Since the U.S. presidential election, various news outlets have reported that evangelical Christians—in particular white evangelical Christians—voted for Donald Trump. During the course of the campaign, it became standard wisdom that the evangelical vote was Trump’s—a fact symbolically reinforced by the endorsements given to Trump by some of evangelicalism’s most prominent leaders, such as Liberty University president Jerry Falwell Jr. and evangelical theologian Wayne Grudem. The main exit polls show that about 81% of white evangelicals voted Trump (see here, here and here). This is old news, but some are now contesting this percentage, offering up alternative facts and figures with attendant explanations.
Maybe it is due to a visceral aversion to conventional wisdom that some have decided to problematize the 81% statistic. Maybe it is due to a desire to defend evangelicalism from the charge coming mostly from secular media and the progressive evangelical left (my goodness, does such a thing even exist?) that white conservative evangelicalism sold its born-again soul to a proto-fascist bigot. Maybe there are valid reasons to distrust (or at least question) the methods and conclusions of election polls. Whatever their reasons, both Christianity Today and The Gospel Coalition recently ran articles suggesting that when we consider the voting commitments of so-called minority groups within evangelicalism (Hispanics, Asians, African-Americans), the support for Trump among evangelicals on the whole greatly declines, and the total picture of evangelical politics is not nearly so unholy as mainstream opinion supposes. Regardless of one’s intentions in challenging conventional wisdom, doing so is guaranteed to generate curiosity and promote debate. And certainly alternative angles on this issue of the evangelical vote are beneficial for the larger conversation that we should have about race and evangelical identification. I’m sure we’ll forever be talking about why a large number of American evangelicals (whatever statistic one decides to settle upon) wanted the Donald to be their commander-in-chief.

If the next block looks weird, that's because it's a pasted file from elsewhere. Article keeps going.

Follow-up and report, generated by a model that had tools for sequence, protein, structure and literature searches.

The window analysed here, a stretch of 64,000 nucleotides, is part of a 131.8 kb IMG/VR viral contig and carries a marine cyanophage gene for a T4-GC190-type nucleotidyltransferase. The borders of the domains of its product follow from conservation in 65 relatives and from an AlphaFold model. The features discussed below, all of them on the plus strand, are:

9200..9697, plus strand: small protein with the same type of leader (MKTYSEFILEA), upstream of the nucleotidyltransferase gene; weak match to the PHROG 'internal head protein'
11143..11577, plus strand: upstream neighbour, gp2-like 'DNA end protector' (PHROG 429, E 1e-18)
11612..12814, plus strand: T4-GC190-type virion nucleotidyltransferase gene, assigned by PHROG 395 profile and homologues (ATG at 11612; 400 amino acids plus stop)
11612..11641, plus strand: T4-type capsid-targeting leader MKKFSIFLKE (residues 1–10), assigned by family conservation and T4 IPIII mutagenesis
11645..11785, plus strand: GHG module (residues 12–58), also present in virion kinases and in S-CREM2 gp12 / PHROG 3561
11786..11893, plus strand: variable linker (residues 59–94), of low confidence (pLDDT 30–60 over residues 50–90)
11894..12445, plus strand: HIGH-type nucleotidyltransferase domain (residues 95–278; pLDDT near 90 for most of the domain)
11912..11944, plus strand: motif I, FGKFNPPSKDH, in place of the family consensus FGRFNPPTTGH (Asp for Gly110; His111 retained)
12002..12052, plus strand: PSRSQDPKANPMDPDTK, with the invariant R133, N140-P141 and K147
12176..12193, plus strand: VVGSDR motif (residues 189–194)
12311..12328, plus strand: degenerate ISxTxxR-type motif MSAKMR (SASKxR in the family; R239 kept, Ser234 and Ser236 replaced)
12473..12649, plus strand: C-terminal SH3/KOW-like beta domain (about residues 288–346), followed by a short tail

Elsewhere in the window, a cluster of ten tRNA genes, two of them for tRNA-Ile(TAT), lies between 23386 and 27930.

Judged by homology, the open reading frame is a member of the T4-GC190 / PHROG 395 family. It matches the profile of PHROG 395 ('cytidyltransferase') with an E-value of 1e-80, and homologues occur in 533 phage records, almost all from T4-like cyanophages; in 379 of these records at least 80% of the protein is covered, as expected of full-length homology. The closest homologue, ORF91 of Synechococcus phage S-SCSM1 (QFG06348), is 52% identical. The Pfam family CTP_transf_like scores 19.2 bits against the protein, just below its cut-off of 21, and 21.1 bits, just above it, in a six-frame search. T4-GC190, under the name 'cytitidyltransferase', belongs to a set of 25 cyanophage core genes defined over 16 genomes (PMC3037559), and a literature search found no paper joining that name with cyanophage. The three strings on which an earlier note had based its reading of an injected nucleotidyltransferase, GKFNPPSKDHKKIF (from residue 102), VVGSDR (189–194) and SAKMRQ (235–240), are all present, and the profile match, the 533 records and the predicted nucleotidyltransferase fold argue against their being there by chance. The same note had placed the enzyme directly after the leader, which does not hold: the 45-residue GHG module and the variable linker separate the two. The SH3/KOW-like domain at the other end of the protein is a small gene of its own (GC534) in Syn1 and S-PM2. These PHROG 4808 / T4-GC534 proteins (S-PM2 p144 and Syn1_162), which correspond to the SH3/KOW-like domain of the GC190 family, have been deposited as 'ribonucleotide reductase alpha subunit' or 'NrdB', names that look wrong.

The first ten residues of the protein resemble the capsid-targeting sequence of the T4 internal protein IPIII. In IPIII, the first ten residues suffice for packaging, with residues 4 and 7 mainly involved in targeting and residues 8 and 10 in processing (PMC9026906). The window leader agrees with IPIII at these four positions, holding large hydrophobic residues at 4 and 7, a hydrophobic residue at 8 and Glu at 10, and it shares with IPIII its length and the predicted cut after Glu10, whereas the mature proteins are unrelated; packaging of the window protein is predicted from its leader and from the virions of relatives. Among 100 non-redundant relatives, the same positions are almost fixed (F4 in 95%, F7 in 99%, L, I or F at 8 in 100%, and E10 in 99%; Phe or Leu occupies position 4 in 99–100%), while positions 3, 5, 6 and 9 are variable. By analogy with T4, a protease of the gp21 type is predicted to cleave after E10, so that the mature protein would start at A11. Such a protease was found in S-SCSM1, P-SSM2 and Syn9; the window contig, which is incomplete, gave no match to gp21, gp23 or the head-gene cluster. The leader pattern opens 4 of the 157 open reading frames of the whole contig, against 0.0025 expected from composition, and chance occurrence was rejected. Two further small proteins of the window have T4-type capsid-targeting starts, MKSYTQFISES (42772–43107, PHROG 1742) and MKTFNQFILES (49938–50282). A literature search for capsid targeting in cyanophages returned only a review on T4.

I am particularly interested in this idea that racial/ethnic minorities must be accounted for when trying to determine what percentage of the evangelical vote we may say gave their support to Trump. I am interested because this is not so simple a thing to do: non-whites, on average, are less likely to explicitly identify as ‘evangelical’ when asked about their religious affiliation, even if they answer affirmatively to questions about doctrine and views of scripture that many would consider distinctive to the evangelical faith tradition. 1 On this basis, commentators at both CT and TGC have argued that the 81% figure is not accurate and/or representative of the evangelical vote at large. This is because it considers only white evangelicals, and not minority evangelicals who, although they do not identify as evangelicals, nevertheless should be counted among the evangelical group on the basis of their theological conformity to its core principles.
The overlap between denominational traditions is certainly something to consider when asking people to state their theological positions for the purposes of labelling and categorization. This is an especially important point when it comes to evangelicalism, because evangelical ideology often reaches across denominational divides. I am certainly not here to contest recent research that looks at evangelical identification from a theological, belief-based perspective. I do think this angle has value. But I think decisively incorporating ethnic minority respondents under the evangelical umbrella on the basis of belief alone, in order to promote a narrative that evangelicals did not support Trump wholesale when minority groups are considered, is very suspicious.2